All data is delayed
See More

Gordhan puts firm lid on spending

Feb 22 2012 15:13
Cape Town - South Africa projected a lower-than-expected 2012/13 budget deficit on Wednesday, reassuring bond investors and rating agencies that the government is keeping a lid on spending despite huge social pressures and sluggish growth.

Presenting the third budget of President Jacob Zuma’s administration, Finance Minister Pravin Gordhan said spending would exceed revenues by R153bn or 4.6% of gross domestic product (GDP).

The shortfall is a slight improvement on 4.8% in this financial year and sharply lower than the 5.4% economists had been expecting, given a push by leftist factions of the ruling ANC to boost the safety net for South Africa’s legions of poor.

After the loss of a million jobs in a 2009 recession, one in three of the country’s 50 million people are on some form of benefits.

“South Africa’s finances are in good shape,” Gordhan told parliament in Cape Town, in a thinly veiled dig at the two rating agencies that have cut its credit outlook in the last three months, mainly due to fears about the effects of a slowdown in Europe and the United States.

Despite his confidence, the economic crisis in Europe - South Africa’s main trading partner - forced Gordhan to cut his economic growth forecast for this year to 2.7% from a projection of 3.4% outlined in October.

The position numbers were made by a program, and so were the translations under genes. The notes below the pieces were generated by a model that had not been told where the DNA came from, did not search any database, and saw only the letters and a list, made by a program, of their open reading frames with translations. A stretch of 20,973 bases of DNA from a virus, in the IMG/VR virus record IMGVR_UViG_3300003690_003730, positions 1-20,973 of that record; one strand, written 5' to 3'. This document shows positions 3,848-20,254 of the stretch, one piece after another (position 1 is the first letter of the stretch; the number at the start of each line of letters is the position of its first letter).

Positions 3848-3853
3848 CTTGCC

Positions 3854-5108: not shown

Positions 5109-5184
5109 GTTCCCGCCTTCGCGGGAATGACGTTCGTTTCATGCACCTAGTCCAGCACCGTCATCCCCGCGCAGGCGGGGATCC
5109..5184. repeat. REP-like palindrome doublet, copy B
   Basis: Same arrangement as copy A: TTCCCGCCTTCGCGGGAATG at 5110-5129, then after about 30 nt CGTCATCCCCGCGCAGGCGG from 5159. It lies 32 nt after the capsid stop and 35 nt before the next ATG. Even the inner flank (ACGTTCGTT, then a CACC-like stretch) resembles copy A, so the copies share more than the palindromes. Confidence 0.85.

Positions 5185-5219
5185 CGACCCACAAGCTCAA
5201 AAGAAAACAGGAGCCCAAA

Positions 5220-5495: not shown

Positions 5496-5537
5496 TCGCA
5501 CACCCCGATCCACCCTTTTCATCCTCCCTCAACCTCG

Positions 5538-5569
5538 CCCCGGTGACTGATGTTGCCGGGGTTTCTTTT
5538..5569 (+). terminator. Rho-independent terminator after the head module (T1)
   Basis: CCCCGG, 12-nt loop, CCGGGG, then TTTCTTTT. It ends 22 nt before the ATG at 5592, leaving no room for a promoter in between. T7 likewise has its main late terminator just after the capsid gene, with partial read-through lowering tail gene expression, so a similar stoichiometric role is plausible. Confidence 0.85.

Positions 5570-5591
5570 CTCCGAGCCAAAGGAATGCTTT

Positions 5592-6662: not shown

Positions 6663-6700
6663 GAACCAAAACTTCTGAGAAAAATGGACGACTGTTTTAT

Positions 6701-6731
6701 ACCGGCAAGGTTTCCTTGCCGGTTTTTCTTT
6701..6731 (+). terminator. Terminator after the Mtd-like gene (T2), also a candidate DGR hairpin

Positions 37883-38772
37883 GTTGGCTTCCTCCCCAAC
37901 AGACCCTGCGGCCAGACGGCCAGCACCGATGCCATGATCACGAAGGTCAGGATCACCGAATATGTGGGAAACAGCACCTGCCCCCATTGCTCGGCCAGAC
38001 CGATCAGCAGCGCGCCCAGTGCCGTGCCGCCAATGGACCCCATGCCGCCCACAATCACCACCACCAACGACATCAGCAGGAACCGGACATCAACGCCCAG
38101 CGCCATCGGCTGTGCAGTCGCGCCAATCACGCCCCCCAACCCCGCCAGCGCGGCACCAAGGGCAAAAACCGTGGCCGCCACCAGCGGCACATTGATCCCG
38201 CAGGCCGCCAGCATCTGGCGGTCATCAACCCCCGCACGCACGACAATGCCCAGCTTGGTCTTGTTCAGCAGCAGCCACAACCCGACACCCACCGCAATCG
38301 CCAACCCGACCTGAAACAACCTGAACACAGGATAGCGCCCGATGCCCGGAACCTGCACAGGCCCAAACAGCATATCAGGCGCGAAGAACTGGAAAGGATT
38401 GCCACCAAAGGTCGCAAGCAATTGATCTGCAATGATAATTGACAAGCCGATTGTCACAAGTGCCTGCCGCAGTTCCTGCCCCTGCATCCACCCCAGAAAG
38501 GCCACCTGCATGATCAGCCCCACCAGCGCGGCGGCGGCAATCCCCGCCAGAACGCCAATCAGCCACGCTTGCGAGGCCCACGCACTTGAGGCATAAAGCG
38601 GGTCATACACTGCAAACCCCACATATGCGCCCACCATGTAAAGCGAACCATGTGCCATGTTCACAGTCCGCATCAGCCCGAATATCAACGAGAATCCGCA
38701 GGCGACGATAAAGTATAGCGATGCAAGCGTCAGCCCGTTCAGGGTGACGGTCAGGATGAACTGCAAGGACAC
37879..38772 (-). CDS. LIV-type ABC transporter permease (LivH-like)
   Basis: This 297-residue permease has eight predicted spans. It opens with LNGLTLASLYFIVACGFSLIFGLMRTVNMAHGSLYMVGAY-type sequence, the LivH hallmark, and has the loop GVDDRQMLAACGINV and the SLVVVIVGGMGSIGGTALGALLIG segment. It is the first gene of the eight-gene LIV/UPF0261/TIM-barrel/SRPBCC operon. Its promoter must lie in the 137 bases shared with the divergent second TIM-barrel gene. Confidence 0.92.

The reduction brings the government into line with the central bank and International Monetary Fund (IMF), but also shows how far South Africa is from the 7% growth deemed necessary to make a dent in unemployment that refuses to drop much below 25%.

With weak growth hitting tax receipts, Gordhan’s options are limited, and his main focus was on moving spending away from the mushrooming public sector wage bill to big ticket infrastructure projects that should ultimately boost growth and jobs.

“On the wage bill, we have to do things differently,” he told reporters in a pre-budget briefing. “We cannot carry on as we are.”

That strategy shows through in a projected pick-up in growth over the next three years, as well as a deficit now forecast to narrow to 3% of GDP by 2014/15.
The projection is well within the realms of fiscal sustainability, but sits in marked contrast to the two years of budget surplus that South Africa ran in the two years leading up to the global financial crisis.

Gordhan also said total public debt should stabilise at 38.5% of output by 2015 - a ratio debt-laden rich countries, especially in Europe, can only dream of.



Read Fin24’s Comments Policy publishes all comments posted on articles provided that they adhere to our Comments Policy. Should you wish to report a comment for editorial review, please do so by clicking the 'Report Comment' button to the right of each comment.

Comment on this story
Comments have been closed for this article.

Company Snapshot

We're talking about:


Marketing is a big concern in SA's small business community, followed by a lack of confidence and partnering with the wrong people, according to a survey.

SABudget on Twitter

Twitter icon

Join the conversation by using SABudget every time you tweet.


Money Clinic

Money Clinic
Do you have a question about your finances? We'll get an expert opinion.
Click here...

Voting Booth

The 25 basis points interest rate increase is:

Previous results · Suggest a vote